Chloride Corrosion of Reinforcing Steel in Cracked Concrete

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Title: Chloride Corrosion of Reinforcing Steel in Cracked Concrete

Author(s): Kiyoshi Okadaand Toyoaki Miyagawa

Publication: Special Publication

Volume: 65

Issue:

Appears on pages(s): 237-254

Keywords: chlorides; concrete durability; corrosion; cracking (fracturing); crack width and spacing; marine atmospheres; reinforced concrete; reinforcing steels; water-cement ratio.

Date: 8/1/1980

Abstract:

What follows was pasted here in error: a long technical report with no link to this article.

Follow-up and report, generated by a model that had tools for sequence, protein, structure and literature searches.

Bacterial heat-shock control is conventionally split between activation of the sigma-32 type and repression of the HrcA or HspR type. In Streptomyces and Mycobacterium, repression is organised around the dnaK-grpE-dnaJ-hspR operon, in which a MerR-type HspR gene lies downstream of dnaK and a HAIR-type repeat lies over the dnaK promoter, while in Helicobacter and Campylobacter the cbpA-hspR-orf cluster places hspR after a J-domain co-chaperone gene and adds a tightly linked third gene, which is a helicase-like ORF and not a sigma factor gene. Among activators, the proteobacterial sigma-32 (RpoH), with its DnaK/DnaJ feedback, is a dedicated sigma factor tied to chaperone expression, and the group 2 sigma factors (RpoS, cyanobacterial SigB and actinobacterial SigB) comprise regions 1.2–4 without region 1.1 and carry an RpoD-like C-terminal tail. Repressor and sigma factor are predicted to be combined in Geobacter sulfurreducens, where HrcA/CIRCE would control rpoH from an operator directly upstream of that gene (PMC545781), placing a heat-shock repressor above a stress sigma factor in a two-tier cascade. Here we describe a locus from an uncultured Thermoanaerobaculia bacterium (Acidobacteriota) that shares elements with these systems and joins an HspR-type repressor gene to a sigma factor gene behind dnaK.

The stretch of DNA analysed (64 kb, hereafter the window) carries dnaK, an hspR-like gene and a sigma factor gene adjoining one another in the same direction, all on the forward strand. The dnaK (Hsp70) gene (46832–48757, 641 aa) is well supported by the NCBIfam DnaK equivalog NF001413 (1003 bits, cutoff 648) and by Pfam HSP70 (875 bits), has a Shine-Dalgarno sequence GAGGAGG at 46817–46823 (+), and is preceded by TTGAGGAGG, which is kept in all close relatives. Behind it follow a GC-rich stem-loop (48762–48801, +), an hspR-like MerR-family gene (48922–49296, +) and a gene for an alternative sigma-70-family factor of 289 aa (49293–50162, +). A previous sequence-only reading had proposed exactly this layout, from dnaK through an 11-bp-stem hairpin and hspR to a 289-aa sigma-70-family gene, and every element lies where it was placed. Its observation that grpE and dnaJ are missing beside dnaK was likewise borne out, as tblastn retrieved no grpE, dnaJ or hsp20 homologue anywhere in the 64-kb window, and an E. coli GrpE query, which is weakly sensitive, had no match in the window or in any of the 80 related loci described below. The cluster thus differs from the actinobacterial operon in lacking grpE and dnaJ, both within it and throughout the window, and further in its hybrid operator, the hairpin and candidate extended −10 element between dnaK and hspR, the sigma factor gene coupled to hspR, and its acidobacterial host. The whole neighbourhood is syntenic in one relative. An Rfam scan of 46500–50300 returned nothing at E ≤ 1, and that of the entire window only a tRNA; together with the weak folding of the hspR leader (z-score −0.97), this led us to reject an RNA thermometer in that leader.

This paper deals with corrosion of reinforcing steel, the critical problem for the durability of reinforced concrete structures in marine environment. The results of tests using various electrochemical methods are summarized as follows; (1) As the water cement ratio of concrete increases, the natural potential of reinforcing steel becomes less noble and the electric resistance of wet concrete becomes lower due to low permeability which accelerates the corrosion of reinforcing steel. (2) Cracks in reinforced concrete structures make reinforced concrete so heterogeneous as to cause macrocell corrosion of reinforcing steel. (3) According to the experimental method used here, it may be considered that critical crack width is between 0.1 and 0.2 mm. (4) Water cement ratio influences both the macrocell corrosion rate at cracks, and the mechanism of corrosion. (5) It is concluded that the potential difference between macro anode (vicinity of cracks) and cathode (in concrete) is the electromotive force giving rise to the macrocell corrosion. (6) As the ratio of cathodic area to anodic area increases, the macrocell current density and the corrosion rate at cracks becomes larger.